Other people, like Enrique Zúñiga, 20, experimented with styling their body hair. Zúñiga let their hair and beard grow long but shaved their legs, given the freedom to try out a look they felt no other environment allowed for.
Like Dagher’s work video calls, virtual spaces encouraged people to explore or accept their gender identity.
Yonash has connected with many LGBTQ creatives through their large following on TikTok. They learned about gender and sexuality, as well as creative processes, by collaborating with diverse people they couldn’t access as easily in person, even before the pandemic.
Searching “gender fluid” on TikTok presents more than 500 million results, many of them created by young adults.
Younger adults are more likely than older adults to identify as transgender, according to a study by the Williams Institute at the University of California-Los Angeles.In 2016, researchers estimated 0.6% of adults in the U.S. identified as trans, and found that 0.7% of 18 to 24-year-olds are trans.The CDC also estimated in 2017 that 1.8% of high school students identified as transgender.
Social media allowed people to publicly share their newfound identities in subtle ways. Zúñiga said realizing they are nonbinary over the summer “was a bit anti-climactic.” Nonbinary people do not identify exclusively as male or female.
They simply changed their pronouns and “it just felt right,” Zúñiga said.
Yonash quietly updated their Instagram bio to include that they use she or they pronouns, a change they made while quarantining.
Other pandemic factors gave people a sense of privacy that made them feel more comfortable trying out new ways to express their gender identities. The Columbia psychologists said wearing masks can make people feel more comfortable in their chosen genders.
Along with often required mask-wearing, COVID-19 kept people from visiting at-risk friends and family, like Rosenzweig who has not seen their family since January 2020. Recently, they’ve made physical changes that align with their gender identity.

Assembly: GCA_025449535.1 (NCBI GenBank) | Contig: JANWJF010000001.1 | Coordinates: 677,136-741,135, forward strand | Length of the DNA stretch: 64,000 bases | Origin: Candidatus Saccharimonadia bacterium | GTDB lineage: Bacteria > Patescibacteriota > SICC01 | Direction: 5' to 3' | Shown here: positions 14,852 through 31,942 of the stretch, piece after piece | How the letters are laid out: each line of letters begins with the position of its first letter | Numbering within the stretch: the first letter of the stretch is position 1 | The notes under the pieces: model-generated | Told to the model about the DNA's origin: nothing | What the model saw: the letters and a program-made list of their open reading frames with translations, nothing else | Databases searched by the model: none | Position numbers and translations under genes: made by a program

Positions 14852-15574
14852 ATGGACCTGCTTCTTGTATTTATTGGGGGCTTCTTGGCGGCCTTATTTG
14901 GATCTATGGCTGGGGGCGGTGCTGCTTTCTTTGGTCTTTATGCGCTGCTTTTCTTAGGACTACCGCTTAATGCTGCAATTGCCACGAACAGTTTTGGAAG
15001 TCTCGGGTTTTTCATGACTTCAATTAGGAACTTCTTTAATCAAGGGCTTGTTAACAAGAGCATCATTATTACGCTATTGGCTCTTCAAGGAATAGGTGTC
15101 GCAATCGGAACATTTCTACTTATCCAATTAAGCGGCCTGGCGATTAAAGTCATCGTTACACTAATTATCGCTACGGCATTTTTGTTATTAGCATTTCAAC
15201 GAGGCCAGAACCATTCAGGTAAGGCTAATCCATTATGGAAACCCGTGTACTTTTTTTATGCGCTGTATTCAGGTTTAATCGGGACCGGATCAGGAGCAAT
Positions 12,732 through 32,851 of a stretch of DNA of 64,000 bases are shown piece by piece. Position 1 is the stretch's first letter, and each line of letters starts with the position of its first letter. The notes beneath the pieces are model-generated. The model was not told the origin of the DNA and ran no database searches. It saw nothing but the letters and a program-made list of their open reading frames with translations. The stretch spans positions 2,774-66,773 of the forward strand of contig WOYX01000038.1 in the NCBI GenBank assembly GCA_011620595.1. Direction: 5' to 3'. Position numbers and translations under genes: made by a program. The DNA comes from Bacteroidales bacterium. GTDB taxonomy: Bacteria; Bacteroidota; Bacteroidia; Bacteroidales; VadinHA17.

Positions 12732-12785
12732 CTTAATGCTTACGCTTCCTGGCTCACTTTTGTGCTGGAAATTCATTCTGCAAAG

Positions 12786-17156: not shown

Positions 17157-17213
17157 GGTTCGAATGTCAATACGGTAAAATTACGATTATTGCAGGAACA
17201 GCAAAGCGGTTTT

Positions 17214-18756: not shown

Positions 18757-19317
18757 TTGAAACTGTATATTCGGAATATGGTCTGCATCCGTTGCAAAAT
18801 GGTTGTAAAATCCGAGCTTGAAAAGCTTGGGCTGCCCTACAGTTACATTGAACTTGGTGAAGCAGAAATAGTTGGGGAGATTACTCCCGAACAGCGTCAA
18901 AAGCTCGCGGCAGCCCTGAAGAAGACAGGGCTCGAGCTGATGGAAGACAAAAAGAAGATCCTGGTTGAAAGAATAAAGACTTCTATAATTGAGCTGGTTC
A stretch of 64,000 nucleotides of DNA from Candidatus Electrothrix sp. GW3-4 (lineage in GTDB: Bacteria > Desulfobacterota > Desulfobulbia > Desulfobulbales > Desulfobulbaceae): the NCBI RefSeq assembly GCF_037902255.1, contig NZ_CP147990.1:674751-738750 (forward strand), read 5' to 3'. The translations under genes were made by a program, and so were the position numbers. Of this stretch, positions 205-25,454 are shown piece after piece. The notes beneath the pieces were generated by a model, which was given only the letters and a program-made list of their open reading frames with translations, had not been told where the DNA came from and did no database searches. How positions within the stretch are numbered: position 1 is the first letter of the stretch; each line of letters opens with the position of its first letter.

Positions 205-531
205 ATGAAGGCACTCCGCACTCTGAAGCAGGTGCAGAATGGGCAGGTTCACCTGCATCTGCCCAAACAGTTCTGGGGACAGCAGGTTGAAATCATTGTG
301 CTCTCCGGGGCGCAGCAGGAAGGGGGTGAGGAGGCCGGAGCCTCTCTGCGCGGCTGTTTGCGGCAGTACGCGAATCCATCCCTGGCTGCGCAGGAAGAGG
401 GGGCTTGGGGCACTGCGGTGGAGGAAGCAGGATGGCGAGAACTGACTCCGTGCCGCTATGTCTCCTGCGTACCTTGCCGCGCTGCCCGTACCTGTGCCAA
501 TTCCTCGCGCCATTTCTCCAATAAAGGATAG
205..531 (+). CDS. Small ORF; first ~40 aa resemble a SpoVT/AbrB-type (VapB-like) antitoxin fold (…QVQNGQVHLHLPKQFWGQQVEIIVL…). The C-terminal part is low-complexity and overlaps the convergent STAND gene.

Eventually, though, Rosenzweig and others won’t be able to avoid conversations about their identity. People will return to offices and schools, and leaders need to plan for a “new normal,” said Stephen Russell, a University of Texas at Austin child development professor.
But because business and school leaders have had those conversations, Russell said they are “primed” to incorporate conversations about identity.
“If you want the best talent, you have to create a space where people can be authentically themselves,” Russell said. “There are plenty of normative people who are just going to fall back into the same old thing, but I think there will be a lot of people who are ready to imagine a different way of being.”
Wald and Woulfe suggest people who identify differently than they did pre-pandemic start preparing ahead of time for possible discriminatory experiences they may face living as a gender diverse person.
“For people who have had queer physical changes where people might notice or comment, I think there’s a lot of value in … helping them prepare for potential experiences of misgendering or harassment and really ensuring that there are some coping strategies or identifying some affirming people in [their] spaces,” Wald said.
Dagher said one thing quarantine made them realize is that LGBTQ people are “never going to be done coming out.”
They are not sure where they’ll end up with gender identity, or how they’ll proceed in an in-person world, but they plan to express themselves in virtual spaces or wherever else they can.
“It’s OK to be in transition, it’s OK to realize you’re not sure who you’re going to be,” Dagher said. “Quarantine has made it easier because I’m not pressured by everything else around me to choose what I want. The concept of waiting and accepting growth has helped with quarantine.”
Contact Claire Thornton at (210) 316-0483 or [email protected] Follow them on Twitter at @claire_thornto.